Let’s start at the beginning. Symmetry is your graduate project from the Parisian graphic design school ESAG Penninghen and yet instead of graphic design you’ve created a really cool sophisticated film. Was there a brief? And how did your idea for Symmetry develop and evolve?
We don’t have any brief for our graduate projects, we just choose a theme and get on with it. I had no theme idea, so I looked at all the work I produced, and noticed that I was quite fond of symmetry, both as a theme and a way to compose images. I also realized that my favorite directors used a lot of symmetry both in concept and compositions (S. Kubrick, P.T. Anderson, Wes Anderson…)
So I chose symmetry and did a lot of research — it is a very vast subject since it can be related to any domain: composition, architecture, science, mathematics, color, music… even society and human relationships…
A film quickly imposed itself as the best way to speak about all those symmetries in one place.
You say it’s a palindromic film – please explain further…
A palindrome is a word that stays the same when the letters are read backwards — like KAYAK or LEVEL. It’s basically a symmetrical word. When I started to explore symmetry in actions and movements, I had the idea of a film that could be played backwards as well as forwards, just like a palindrome.
What were the complications of getting the symmetry of the forward and backward story? Love the way how the sunlit room moves from morning to night but is the same footage reversed.
The second part of the film is a strict rewinding of the first part. But I didn’t want it to give the impression of a rewinding, I wanted it to be the following of the first part. So I had to think everything in a way that would not only work backwards, but that would say something new.
There’s a sort of symmetry that is called “chiral”: it’s when two things are the mirror of each other (your hands, for example: they’re the same, but they’re not superimposable). In chemistry, chiral molecules are composed exactly with the same elements, but they are organized symmetrically to one another. And those molecules have completely different roles, even if they have the same rough formula.
I thought about everything like that in my film. Same footage, same sound, but different perceptions when mirrored and played in reverse. To achieve that of course, I had to think everything in a kind of “common ground” between the two feelings I wanted the viewer to perceive, so for example, lights at dawn have to look like lights at sunset, facial expressions have to endorse multiple feelings so the spectator can instinctively chose the one that fits the moment the best.
How tricky was the actual shoot? And what did you shoot it on? Were there any particular references or influences you used for the way you shot it?
The most tricky part was probably to manage to give different feelings to the spectator backwards and forwards, through the acting and the editing for example, “The Kouletchov effect” helped me to do that.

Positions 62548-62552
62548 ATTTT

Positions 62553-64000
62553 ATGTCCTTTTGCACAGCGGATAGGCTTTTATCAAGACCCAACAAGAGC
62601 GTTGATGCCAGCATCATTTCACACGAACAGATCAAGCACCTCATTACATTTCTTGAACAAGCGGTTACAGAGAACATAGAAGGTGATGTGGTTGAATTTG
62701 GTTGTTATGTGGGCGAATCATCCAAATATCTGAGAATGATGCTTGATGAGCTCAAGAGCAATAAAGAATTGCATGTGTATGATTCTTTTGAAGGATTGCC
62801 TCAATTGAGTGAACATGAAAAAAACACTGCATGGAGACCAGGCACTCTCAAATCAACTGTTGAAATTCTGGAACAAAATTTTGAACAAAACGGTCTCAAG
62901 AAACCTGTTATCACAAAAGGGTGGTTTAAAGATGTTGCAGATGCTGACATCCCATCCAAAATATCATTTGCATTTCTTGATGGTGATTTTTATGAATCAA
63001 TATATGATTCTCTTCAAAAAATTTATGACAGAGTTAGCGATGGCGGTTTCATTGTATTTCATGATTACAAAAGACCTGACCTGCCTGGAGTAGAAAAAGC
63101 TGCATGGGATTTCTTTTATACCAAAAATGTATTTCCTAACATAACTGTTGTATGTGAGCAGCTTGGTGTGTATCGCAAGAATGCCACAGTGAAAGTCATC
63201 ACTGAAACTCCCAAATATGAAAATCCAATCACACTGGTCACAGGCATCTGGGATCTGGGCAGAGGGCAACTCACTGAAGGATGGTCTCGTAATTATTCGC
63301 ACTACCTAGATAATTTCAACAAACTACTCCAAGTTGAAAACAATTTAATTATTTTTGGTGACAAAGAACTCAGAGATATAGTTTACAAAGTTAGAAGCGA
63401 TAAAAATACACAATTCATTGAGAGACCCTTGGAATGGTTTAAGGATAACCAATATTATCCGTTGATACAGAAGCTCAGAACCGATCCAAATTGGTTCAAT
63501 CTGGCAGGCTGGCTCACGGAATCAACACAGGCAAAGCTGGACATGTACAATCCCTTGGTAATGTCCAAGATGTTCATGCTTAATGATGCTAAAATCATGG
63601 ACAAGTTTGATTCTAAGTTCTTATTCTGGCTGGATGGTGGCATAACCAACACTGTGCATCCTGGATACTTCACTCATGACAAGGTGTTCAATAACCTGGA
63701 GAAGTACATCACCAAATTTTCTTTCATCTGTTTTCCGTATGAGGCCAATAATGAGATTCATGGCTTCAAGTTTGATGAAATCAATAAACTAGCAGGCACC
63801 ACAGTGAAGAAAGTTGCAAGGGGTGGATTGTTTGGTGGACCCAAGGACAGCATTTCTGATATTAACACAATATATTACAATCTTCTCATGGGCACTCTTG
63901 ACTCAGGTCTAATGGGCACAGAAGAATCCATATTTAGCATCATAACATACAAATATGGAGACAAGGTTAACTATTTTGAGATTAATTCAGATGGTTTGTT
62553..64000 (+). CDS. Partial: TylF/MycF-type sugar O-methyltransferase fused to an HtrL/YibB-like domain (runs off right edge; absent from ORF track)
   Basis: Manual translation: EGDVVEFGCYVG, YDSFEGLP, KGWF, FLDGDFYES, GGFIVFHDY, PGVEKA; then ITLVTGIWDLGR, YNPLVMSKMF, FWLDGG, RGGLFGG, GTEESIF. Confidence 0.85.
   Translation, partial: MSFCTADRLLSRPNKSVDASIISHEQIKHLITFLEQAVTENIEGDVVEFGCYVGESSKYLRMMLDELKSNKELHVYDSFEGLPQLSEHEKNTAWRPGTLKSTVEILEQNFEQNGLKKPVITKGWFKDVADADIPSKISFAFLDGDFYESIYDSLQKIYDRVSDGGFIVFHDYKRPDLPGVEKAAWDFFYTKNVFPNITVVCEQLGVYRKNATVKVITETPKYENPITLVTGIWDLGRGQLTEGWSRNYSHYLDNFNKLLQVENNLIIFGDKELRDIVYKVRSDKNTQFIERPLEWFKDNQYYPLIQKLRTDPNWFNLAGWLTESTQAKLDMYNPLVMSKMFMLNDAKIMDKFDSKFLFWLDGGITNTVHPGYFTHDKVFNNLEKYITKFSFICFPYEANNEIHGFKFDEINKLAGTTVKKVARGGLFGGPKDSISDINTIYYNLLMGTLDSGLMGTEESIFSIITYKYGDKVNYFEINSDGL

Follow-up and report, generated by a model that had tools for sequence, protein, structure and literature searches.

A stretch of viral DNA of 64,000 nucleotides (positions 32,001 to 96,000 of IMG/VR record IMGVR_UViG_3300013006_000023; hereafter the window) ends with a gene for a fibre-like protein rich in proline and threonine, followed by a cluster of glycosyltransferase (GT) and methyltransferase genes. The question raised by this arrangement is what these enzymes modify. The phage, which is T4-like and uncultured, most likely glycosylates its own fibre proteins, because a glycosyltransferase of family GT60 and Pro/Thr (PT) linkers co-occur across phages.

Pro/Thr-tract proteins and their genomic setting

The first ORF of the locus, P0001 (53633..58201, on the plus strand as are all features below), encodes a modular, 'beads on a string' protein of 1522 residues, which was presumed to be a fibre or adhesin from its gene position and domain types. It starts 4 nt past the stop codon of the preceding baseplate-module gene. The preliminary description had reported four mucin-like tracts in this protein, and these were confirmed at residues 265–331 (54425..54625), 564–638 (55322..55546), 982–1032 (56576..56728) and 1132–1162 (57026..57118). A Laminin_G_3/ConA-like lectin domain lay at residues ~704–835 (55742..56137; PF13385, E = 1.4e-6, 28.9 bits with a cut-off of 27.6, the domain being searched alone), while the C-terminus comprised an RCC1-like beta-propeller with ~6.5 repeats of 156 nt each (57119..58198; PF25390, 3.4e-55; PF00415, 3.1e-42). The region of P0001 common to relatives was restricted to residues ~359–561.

It’s an experience by Lev Kouletchov that shows that you can give, with the editing, any feeling you want to an actor with a neutral face. He edits the same footage of a neutral man facing the camera, one time before a shot of a muffin so the man seems hungry, one time before a corpse in a casket so he seems sad, etc. Inspired by that technique, I always said to my actors for example “You have to look sad/angry” or “bored/intrigued”, and I trust the spectator to catch the one that’s appropriate, depending on the context and the editing.
In a more technical way, I was alone on the shooting and had merely no experience in filmmaking. My actor Edouard Sanville lent me his Canon 5D, and we always shot the scenes backwards and forwards so that I could select the best ones. So there are actually a lot of reverse scenes in the first part. I also had a lot of storyboard sketches and had filmed myself doing all the actions to be sure that the movements wouldn’t look too weird backwards.
What are the key lessons you’ve learnt about film making so far?
I guess it’s a bit early for me to give lessons about film making, but I think the best thing I did in this project is all the research and preparation. I had three months for my graduation project and I think I didn’t start to shoot until half of the third month. It was kind of scary, but I’m glad I took my time to think the whole thing through before I started the production.
Are you working on a film project at the moment?
I’m currently working on a music video for friends that are starting a band called Spring. It’s already shot and I’m doing the post-production. I think it will refer a lot both to Symmetry and Beauty of Mathematics…
Written, directed & edited by Yann Pineill
Music by Cliff Martinez & Joseph Haydn
Starring Edouard Sanville, Daphné Sanville & Romane Pineill